Nate Silver has some fun with maps charting out possible winning GOP combinations in the event that the party receives declining support from Latino voters and (possibly) aims to construct an anti-immigration, anti-NAFTA "gringo" coalition. One point to keep in mind:
In 2008, the Latino vote made the difference in the outcome of three states: New Mexico, where about 2 in 5 voters identify as Hispanic, as well as -- somewhat surprisingly -- Indiana and North Carolina -- where Obama lost nonhispanic voters by a tiny margin and was put over the top by Hispanic votes. It probably also made the difference, believe it or not, in the 2nd Congressional District of Nebraska -- Omaha actually has a decent-sized Hispanic minority -- although the exit polls aren't detailed enough to let us know for sure.
That the Hispanic vote helped Obama to win electoral votes in such "gringo" territories as Nebraska and Indiana is a reminder that there are Hispanics everywhere now; the presence of a surprisingly large and extremely Democratic-leaning Hispanic vote in New Jersey, for example, is one reason why Republicans are no longer competitive there. Moreover, the growth rate of the Hispanic population tends to be fastest in such nontraditional areas as the South and even the Prairie states.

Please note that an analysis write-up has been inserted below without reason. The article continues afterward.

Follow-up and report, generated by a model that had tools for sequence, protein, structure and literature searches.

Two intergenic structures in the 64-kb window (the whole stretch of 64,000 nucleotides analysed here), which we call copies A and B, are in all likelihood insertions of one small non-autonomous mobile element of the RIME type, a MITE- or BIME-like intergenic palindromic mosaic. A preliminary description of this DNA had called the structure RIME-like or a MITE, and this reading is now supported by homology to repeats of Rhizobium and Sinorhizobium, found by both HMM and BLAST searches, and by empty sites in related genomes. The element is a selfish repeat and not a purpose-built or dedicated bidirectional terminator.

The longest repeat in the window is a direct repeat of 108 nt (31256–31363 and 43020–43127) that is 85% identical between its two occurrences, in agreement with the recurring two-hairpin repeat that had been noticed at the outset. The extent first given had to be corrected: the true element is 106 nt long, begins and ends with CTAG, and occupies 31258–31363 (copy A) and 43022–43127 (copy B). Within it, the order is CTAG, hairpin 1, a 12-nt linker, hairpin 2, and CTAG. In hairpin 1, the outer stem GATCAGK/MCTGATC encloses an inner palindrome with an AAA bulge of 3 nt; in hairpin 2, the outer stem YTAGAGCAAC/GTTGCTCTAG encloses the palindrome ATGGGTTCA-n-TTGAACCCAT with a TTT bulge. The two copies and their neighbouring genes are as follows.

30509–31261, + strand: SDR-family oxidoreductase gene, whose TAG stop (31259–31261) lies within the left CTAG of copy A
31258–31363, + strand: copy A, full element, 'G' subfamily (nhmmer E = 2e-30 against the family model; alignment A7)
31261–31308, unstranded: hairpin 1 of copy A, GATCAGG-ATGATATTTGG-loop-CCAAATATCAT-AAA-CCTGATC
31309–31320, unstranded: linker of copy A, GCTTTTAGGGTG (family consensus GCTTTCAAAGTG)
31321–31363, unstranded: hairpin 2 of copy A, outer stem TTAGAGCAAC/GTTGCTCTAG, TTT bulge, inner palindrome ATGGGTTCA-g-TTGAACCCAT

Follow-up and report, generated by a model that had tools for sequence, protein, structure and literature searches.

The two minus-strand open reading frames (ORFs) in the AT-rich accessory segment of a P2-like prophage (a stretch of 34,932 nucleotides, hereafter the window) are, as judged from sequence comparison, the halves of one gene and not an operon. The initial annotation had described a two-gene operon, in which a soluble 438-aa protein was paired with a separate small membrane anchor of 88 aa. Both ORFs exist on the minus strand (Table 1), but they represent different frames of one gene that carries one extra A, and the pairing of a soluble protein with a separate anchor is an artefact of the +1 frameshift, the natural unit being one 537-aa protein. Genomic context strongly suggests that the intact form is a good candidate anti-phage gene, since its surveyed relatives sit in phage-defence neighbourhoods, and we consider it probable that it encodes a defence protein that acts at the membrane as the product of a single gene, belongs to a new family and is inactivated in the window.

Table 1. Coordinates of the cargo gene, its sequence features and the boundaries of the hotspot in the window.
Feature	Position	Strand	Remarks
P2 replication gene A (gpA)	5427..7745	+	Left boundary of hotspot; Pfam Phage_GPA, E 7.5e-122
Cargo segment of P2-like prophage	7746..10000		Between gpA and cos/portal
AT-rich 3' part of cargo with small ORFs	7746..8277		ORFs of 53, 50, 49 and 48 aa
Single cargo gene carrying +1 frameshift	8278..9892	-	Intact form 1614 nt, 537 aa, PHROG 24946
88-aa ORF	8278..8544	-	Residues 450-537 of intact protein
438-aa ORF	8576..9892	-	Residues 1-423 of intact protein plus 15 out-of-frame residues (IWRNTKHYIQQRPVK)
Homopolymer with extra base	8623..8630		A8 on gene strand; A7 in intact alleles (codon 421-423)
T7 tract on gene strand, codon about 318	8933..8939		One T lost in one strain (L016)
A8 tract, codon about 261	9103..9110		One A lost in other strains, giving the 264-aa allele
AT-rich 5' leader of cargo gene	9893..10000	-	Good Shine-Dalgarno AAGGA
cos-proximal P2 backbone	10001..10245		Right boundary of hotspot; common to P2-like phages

Nearly all the winning maps for the GOP involve it performing better in the Rust Belt where, naturally, it's been busy opposing the auto bailout(s), driving a senior Senator from the party, and promising to keep Minnesota half-represented in the Senate as long as possible. Eventually, in other words, the Republican Party is going to have to choose a region of the country outside the South to stop ticking off.